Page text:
VICTOR REPPERT SAID:
“I haven't confessed anything or conceded anything, except for the sake of argument. My argument is this. On the hypothesis that what God is after is His own glory, then he should save all of us. Why? Because we're only going to praise him forever if he saves us. It isn't unjust for him to save us, since he does save at least some of us. The more people in the heavenly choir, the more laudits of glory (like turps of evil) he gets. If he sends those people to hell, he doesn't get the laudits of glory from those people since those people aren't praising him.”
This objection would be more forceful if it weren’t such a ridiculous caricature of the actual position. I’ve already corrected Reppert on this point, and I’ve discussed the issue in more detail in the past:
As Manata rightly says, “Since God has all-glory, he doesn't get ‘more’ glory. He's not like a bank where you can deposit ‘laudits’ into.”
God is not in the self-magnification business. He doesn’t need our praise. Our praises add nothing to his beatitude.
It’s a question of values and priorities. What makes life worthwhile? What is good? What is better? What is praiseworthy?
Many sinners squander the gift of life on banalities and trivialities. But God is both the greatest good and the exemplary good. Finite goods are good because they exemplify the goodness of God.
Some divine perfections would be manifest in a sinless world, but other divine perfections would only be manifest in a sinful world. God is praiseworthy in his justice no less than in his mercy.
Moreover, these are correlative. The objects of mercy are ill-deserving. They merit retribution. And that’s why mercy is discriminatory.
Do the reprobate praise God? No. But reprobation is praiseworthy, both because it’s a just judgment on sin, and because it reveals the justice of God.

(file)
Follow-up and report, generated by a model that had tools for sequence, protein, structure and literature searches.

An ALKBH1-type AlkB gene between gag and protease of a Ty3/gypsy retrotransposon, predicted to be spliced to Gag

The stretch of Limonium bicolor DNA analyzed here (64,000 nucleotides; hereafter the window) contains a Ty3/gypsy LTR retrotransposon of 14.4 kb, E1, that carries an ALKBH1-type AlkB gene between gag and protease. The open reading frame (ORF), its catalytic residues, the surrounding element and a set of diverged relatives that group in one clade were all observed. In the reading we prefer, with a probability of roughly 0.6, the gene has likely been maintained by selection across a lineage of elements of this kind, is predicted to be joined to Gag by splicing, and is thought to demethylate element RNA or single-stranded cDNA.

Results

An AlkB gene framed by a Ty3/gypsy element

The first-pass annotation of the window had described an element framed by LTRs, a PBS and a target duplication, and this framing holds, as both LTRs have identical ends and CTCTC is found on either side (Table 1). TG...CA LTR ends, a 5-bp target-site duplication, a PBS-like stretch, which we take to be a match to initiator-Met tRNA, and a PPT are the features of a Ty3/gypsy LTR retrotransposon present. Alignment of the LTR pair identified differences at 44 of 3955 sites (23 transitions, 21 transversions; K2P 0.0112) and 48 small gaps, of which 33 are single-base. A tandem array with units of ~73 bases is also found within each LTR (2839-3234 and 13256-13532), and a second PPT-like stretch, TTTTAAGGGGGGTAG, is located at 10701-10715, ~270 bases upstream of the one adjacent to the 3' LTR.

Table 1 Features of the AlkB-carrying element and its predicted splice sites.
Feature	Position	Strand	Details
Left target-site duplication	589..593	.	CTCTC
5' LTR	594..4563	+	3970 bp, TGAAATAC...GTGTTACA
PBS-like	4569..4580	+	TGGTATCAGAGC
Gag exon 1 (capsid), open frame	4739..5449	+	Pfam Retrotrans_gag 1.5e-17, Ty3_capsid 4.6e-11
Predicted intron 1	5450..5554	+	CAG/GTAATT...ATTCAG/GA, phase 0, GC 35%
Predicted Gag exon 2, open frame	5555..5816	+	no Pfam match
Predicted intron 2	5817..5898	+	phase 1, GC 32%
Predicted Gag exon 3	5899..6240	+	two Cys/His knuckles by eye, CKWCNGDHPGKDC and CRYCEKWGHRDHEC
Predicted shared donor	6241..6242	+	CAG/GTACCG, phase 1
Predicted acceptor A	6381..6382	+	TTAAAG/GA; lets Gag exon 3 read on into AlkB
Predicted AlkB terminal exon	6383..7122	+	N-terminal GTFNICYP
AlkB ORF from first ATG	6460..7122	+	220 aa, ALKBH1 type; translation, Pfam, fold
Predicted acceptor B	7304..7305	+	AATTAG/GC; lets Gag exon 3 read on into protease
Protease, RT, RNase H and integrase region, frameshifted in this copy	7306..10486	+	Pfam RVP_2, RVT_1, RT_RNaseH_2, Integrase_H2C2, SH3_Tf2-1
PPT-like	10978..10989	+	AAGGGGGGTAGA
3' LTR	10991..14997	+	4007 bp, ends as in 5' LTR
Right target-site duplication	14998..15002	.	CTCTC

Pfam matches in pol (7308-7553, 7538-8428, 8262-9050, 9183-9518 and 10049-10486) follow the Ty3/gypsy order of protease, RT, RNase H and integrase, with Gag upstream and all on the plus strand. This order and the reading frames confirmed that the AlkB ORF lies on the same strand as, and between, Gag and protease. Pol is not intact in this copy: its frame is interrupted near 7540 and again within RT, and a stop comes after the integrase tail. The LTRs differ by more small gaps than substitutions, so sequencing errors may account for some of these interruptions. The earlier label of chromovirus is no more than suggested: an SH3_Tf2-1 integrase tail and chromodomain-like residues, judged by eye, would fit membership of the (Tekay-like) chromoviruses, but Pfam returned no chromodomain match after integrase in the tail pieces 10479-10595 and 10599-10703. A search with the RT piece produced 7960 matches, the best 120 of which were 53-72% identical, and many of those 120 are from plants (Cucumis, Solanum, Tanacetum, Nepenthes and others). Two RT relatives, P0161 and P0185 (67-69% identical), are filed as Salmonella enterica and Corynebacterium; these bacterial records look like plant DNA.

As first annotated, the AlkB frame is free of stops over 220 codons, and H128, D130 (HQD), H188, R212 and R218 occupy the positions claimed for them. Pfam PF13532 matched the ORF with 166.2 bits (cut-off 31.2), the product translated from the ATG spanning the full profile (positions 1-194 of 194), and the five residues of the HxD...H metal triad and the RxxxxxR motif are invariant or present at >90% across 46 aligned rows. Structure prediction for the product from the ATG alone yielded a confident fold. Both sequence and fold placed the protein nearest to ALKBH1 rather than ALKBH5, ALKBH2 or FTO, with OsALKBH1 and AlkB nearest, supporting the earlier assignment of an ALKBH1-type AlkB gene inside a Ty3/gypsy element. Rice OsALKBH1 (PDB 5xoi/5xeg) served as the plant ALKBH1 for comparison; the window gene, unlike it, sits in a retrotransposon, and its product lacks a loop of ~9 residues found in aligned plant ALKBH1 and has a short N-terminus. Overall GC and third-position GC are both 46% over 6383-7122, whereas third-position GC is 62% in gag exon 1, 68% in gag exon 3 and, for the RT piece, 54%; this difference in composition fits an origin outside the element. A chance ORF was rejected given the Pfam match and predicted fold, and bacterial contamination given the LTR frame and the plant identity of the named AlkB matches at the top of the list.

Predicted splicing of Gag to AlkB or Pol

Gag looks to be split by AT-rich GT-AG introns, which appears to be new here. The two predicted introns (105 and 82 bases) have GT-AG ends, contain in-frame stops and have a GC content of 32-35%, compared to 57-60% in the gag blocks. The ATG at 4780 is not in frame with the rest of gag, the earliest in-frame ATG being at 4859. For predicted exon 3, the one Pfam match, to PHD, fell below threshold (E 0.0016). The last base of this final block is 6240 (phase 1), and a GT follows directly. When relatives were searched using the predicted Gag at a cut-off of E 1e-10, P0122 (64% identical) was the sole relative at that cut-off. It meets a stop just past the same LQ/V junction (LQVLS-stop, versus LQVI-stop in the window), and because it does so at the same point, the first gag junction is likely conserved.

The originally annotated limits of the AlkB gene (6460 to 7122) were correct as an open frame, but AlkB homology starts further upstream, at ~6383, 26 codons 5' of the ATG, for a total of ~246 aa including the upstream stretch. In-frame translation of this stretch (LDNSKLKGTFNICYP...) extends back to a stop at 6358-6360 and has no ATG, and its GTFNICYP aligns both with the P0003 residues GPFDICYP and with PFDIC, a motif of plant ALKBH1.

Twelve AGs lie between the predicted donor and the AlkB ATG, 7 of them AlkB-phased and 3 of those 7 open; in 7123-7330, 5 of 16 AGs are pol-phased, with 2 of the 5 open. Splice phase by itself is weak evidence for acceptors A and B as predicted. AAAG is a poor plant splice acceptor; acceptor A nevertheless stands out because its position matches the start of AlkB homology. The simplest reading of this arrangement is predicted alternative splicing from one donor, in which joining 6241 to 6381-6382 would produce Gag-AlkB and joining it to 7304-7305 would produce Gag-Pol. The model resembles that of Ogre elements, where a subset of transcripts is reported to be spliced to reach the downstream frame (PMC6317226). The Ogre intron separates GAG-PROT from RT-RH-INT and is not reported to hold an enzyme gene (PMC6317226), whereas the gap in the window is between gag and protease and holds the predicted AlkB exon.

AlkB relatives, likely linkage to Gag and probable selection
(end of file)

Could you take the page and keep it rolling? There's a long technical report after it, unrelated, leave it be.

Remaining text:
God’s mercy is glorious. God’s justice is glorious. God’s wisdom is glorious. And so on and so forth. It’s not as if salvation is glorious while damnation is inglorious.
Do the damned glorify God? Not in the sense of praising him. But they glorify God in the sense of manifesting God’s glorious justice.
Manifested to whom, you ask? To elect men and angels—that’s who.
“This arguments isn't saying God wouldn't be nice if he damned people, it is saying that God's interests, *as defined by Calvinist theology* are not served by reprobation. In other words, God shouldn't condemn people to hell because it doesn't serve his own professed interests to do so.”
That only follows from Reppert’s misdefinition of Reformed theology.
“If love is the goal, then he might have to give them LFW, and then who knows what the hell will happen. If he's just going for glory, he can get more of that my saving everyone than by reprobating anyone.”
God isn’t out to magnify his own glory. Rather, he glorifies his people, while his people are glorified in him.
“When I read books like Lewis's The Problem of Pain, I get the sense that I can understand why a lot of evils occur, including virtually all of them in my own life, but certainly not all evils.”
But this is all conjecture. As a rule, you can’t intuit a truth of fact. You can intuit a fact of reason, but not a fact of truth.
(An exception would be causal relations where you can intuit the cause from the effect, or vice versa.)
Contingent truths, unlike necessary truths, are not something we can generally intuit. Being contingent, they could have been otherwise. You can’t sit down and write a history book using your intuition.
History is based on observation and testimony—ultimately eyewitness testimony. Lewis can speculate to his heart’s content, but is it true?
Speculation is a sorry substitute for revelation. Conjectural explanations are valid when addressing conjectural objections. They operate at the same level. But is it true?
A fictitious theodicy, minus the exotic locations. As far as fictitious theodicies go, I prefer Perelandra to The Problem of Pain.